After a decade of being tricked, the Philippines has arm-twisted Canada and re-shipped  Canadian garbage to Vancouver, at a cost of nearly CAN $1.5 million to the Canadian taxpayer and loss of face to Canada. If the technology is as simple as  Mr. Vidya Abhayagunawardena.says, Canada would not have simply incinerated the waste – an environmentally unacceptable and expensive last case”  solution. It will not be possible to to arm-twist the UK as the UK  too has no effective and responsible government, with Boris Jonson, a jingoist politician who was at one time a reporter who established a reputation of inventing false news that fitted the appetite of the foolish British  public as well as the style of the BBC channel-4 propaganda. 

Simple nostalgia and cottage solutions will not work.

Many goodhearted but technologically naive individuals believe that all this can be solved by going back to the past, by turning the industrial model of food production into a village enterprise,  with revived tanks centered around the temple, with household garbage and animal droppings providing compost for the farm, while the Gambaedda” and Chena” providing firewood and fodder and herbal medicine. Work is done communally and manually, usually under the hegemony of a feudal social structure that imposed discipline by controlling the food supply to the peasants by a land tenure system. Such simple pastoral societies eat what is known today as organic food”, but are notoriously susceptible to famine and sickness, pestilence, poverty, and conquest. The average life expectancy in such societies was about 35 years. Furthermore, agrarian societies were far more environmentally damaging (per capita) than modern societies, or  hunter-gatherer societies where humans lived in harmony with nature, at a demographic level strictly controlled by the food supply available in virgin forests as well as the dangers to life due to natural causes” like epidemics and wild animals.  The environmentalists of today do not wish to return to the ecologically sound hunter-gatherer society, as they want their computers, cars, cell phones, and air conditioning and longevity while being wedded to ancient ideologies!

Composting, whether it be done in with modern vermicular methods etc., or in the old fashioned way, is no longer environmentally friendly as compost heaps produce a lot of greenhouse gases. Unlike in agrarian societies, modern urban waste has old batteries, shampoos, leftover medicines, birth control pills, cortisone, statins, rancid oil, kitchen waste, paint, plastic, and ‘YOU-NAME-IT’. Even if the city asks you to separate hazardous, toxic, chemical, electrical, medical and kitchen waste, that is mostly to make it easier to ship the problem to a poorer nation.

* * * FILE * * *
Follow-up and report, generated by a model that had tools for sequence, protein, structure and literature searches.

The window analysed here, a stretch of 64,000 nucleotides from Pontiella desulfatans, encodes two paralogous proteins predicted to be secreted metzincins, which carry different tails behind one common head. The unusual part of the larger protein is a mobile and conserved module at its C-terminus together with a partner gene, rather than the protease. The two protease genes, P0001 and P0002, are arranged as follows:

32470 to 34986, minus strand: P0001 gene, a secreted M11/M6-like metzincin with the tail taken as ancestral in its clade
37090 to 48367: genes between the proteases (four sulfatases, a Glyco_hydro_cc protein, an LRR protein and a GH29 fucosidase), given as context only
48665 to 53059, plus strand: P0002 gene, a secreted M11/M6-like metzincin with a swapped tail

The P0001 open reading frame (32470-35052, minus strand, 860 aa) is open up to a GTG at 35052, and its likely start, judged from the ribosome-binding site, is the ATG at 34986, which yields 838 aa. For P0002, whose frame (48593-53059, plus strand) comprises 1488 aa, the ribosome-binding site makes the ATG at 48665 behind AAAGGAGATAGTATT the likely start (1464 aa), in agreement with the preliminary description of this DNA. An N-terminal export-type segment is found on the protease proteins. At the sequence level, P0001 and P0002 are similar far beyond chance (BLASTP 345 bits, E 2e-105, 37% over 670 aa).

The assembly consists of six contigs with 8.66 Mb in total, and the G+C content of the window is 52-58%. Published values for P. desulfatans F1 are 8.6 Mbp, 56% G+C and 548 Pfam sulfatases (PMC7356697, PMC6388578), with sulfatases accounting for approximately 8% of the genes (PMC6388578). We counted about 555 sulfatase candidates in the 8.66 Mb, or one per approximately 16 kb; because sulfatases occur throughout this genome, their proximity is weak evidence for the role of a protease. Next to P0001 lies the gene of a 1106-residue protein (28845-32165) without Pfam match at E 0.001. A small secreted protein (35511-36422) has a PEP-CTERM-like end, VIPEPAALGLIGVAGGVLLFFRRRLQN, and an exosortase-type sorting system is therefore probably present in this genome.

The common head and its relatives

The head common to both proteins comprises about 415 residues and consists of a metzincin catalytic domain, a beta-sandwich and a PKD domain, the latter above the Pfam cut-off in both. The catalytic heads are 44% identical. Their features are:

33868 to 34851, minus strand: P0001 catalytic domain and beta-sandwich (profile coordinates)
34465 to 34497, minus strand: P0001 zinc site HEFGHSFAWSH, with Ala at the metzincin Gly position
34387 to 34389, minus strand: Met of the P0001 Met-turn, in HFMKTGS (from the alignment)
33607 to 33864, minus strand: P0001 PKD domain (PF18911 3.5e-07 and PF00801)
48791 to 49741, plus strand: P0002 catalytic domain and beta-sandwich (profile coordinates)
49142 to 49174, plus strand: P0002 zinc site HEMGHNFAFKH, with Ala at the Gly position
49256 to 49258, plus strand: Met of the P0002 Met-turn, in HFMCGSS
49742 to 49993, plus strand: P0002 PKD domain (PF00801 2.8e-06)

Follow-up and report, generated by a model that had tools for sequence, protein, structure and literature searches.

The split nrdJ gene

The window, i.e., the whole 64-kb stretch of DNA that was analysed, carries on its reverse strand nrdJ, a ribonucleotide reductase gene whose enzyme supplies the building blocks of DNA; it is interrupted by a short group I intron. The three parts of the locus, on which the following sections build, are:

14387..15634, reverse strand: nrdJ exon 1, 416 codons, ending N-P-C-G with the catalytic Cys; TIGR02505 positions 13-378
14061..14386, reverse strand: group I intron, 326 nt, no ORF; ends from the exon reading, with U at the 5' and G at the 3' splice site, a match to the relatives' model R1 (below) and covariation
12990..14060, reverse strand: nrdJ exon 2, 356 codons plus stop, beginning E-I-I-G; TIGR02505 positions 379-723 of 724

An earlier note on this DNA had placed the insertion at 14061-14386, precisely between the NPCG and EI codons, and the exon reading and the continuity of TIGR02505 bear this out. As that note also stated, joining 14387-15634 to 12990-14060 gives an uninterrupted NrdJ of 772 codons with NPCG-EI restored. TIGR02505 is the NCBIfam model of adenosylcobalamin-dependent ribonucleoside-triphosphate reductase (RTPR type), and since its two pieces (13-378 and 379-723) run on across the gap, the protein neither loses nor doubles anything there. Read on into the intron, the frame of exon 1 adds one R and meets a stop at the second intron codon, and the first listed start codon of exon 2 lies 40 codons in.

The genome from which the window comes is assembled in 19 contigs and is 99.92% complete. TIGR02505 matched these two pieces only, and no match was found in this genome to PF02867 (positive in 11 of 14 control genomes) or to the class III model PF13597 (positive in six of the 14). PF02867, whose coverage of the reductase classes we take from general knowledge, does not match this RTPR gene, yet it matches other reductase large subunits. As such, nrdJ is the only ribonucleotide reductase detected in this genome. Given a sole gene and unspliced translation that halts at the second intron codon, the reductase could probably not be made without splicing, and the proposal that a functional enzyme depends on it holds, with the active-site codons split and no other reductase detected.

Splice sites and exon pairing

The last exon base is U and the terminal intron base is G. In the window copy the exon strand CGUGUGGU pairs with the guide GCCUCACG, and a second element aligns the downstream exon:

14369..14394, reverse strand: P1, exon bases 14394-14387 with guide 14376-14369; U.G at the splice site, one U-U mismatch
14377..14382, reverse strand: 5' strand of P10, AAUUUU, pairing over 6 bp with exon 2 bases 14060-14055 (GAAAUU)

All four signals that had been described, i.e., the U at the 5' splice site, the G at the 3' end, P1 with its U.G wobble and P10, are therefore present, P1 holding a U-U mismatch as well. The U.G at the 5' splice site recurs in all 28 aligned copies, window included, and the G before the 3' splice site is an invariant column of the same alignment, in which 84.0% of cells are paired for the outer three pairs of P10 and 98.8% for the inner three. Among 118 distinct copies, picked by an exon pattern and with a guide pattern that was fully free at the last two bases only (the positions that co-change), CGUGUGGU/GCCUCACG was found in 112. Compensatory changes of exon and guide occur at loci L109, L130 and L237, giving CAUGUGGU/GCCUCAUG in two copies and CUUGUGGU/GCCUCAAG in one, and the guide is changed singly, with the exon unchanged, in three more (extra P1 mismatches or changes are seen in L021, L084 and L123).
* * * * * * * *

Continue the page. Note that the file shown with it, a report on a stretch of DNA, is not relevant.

Some of these poor nations like India actually do make compost out of urban garbage, and sell the compost back to wealthier nations under the label of organic fertilizer”, especially if the garbage has been composted with some Neem leaves!  Garbage is often fed to swine and chicken, and the compost made from their droppings is extremely high in industrial toxins and heavy metal residues. Unfortunately, there is no legislation requiring that organic fertilizer importers or producer reveals the chemical composition of the market product. The usual organic certification does check on the METHOD of composting but no chemical analysis of the raw materials is done. In Sri Lanka, any given organic fertilizer producer is ready to indict his competitor claiming that the rival is using sludge from the bottom of tanks, or using urban garbage (Sidaadiyen genapu jaraava”).

So if tomatoes or rice is grown using such compost when the plant takes up water, all those toxins go up into the vegetables, or paddy, or whatever. Experiments show that if the soil has broken torch batteries, then Nikel and cadmium from those batters get absorbed by the rice and as plants don’t have kidneys, the toxins ACCUMULATE in the rice. If the soil or the added fertilizer is such that 5 micrograms of cadmium is present in a kilo of soil, the plant and its seeds may have some hundred times more toxins due to photo-accumulation. But such rice may still be sold as “organic rice”, and such tomatoes are sold as “organic tomatoes”, at 5 to 10 times the price of conventional vegetables.  Consumers are told, even by ministers of agriculture,  to not to eat the normal vegetables because the normal vegetables (grown with fertilizers, pesticides, etc) are full of trace amounts of toxic pesticide and fertilizer residues.